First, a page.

Bring joy to your servant,
for to you, O Lord, I lift up my soul. - Psalm 86:4
"The culmination of the Mass
is not the consecration,
but the Communion."
St Maximilian Kolbe
Founder: Militia of Immaculata
Feast Day - August 14
"Prayer is powerful beyond limits when we turn to the Immaculata
who is queen even of God's heart." ~ St Maximilian Kolbe
St Maximilian, pray for us!
More on St Maximilian (From Saint of the Day - www.americancatholic.org)
I don’t know what’s going to become of you!” How many parents have said that? Maximilian Mary Kolbe’s reaction was, “I prayed very hard to Our Lady to tell me what would happen to me. She appeared, holding in her hands two crowns, one white, one red. She asked if I would like to have them—one was for purity, the other for martyrdom. I said, ‘I choose both.’ She smiled and disappeared.” After that he was not the same.
He entered the minor seminary of the Conventual Franciscans in Lvív (then
), near his birthplace, and at
16 became a novice. Though he later achieved doctorates in philosophy and
theology, he was deeply interested in science, even drawing plans for rocket
Ordained at 24, he saw religious indifference as the deadliest poison of the day. His mission was to combat it. He had already founded the Militia of the Immaculata, whose aim was to fight evil with the witness of the good life, prayer, work and suffering. He dreamed of and then founded Knight of the Immaculata, a religious magazine under Mary’s protection to preach the Good News to all nations. For the work of publication he established a “City of the Immaculata”—Niepokalanow—which housed 700 of his Franciscan brothers. He later founded one in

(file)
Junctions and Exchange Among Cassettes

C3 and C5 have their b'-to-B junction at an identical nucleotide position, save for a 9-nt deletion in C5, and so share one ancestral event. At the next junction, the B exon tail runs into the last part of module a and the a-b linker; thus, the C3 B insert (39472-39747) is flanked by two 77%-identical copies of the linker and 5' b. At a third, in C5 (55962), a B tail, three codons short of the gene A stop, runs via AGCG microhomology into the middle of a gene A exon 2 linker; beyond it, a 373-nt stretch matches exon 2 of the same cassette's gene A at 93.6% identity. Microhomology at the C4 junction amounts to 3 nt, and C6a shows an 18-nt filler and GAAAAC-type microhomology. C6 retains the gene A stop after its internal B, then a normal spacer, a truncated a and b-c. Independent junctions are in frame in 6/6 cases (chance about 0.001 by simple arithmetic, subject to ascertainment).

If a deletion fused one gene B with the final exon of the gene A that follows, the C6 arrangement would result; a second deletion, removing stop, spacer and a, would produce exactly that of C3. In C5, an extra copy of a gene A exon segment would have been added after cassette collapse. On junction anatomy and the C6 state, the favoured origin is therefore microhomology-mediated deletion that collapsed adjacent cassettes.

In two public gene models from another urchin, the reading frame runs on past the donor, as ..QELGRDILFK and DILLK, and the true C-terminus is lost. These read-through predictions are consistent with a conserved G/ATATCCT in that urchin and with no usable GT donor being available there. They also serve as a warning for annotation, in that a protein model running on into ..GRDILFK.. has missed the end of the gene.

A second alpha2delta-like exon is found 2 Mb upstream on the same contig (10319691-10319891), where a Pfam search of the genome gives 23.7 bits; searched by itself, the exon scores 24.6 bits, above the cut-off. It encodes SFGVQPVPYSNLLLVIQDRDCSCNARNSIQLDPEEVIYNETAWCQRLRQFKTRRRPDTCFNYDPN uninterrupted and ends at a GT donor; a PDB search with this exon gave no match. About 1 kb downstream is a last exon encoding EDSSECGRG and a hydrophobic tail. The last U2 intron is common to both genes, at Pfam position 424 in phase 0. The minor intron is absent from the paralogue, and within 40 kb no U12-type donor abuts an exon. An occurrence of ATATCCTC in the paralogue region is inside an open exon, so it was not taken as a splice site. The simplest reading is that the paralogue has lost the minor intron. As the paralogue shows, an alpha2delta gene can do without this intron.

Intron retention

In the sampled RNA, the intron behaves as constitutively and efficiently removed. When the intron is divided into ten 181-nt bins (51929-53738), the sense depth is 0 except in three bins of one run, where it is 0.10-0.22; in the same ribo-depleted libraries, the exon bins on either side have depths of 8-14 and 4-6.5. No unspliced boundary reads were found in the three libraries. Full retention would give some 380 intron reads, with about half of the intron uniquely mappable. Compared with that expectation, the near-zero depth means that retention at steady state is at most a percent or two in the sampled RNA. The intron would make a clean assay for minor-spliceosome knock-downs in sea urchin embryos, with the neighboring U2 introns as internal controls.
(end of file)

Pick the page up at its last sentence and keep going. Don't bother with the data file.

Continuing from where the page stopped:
. Both the
Militia and the magazine ultimately reached the one-million mark in members and
subscribers. His love of God was daily filtered through devotion to Mary.
In 1939 the Nazi panzers overran
with deadly speed.
Niepokalanow was severely bombed. Kolbe and his friars were arrested, then
released in less than three months, on the feast of the Immaculate Conception.
In 1941 he was arrested again. The Nazis’ purpose was to liquidate the select ones, the leaders. The end came quickly, in
three months later, after terrible beatings and humiliations.
A prisoner had escaped. The commandant announced that 10 men would die. He relished walkin g along the ranks. “This one. That one.” As they were being marched away to the starvation bunkers, Number 16670 dared to step from the line. “I would like to take that man’s place. He has a wife and children.” “Who are you?” “A priest.” No name, no mention of fame. Silence. The commandant, dumbfounded, perhaps with a fleeting thought of history, kicked Sergeant Francis Gajowniczek out of line and ordered Father Kolbe to go with the nine. In the “block of death” they were ordered to strip naked and the slow starvation began in darkness. But there was no screaming—the prisoners sang. By the eve of the Assumption four were left alive. The jailer came to finish Kolbe off as he sat in a corner praying. He lifted his fleshless arm to receive the bite of the hypodermic needle. It was filled with carbolic acid. They burned his body with all the others. He was beatified in 1971 and canonized in 1982.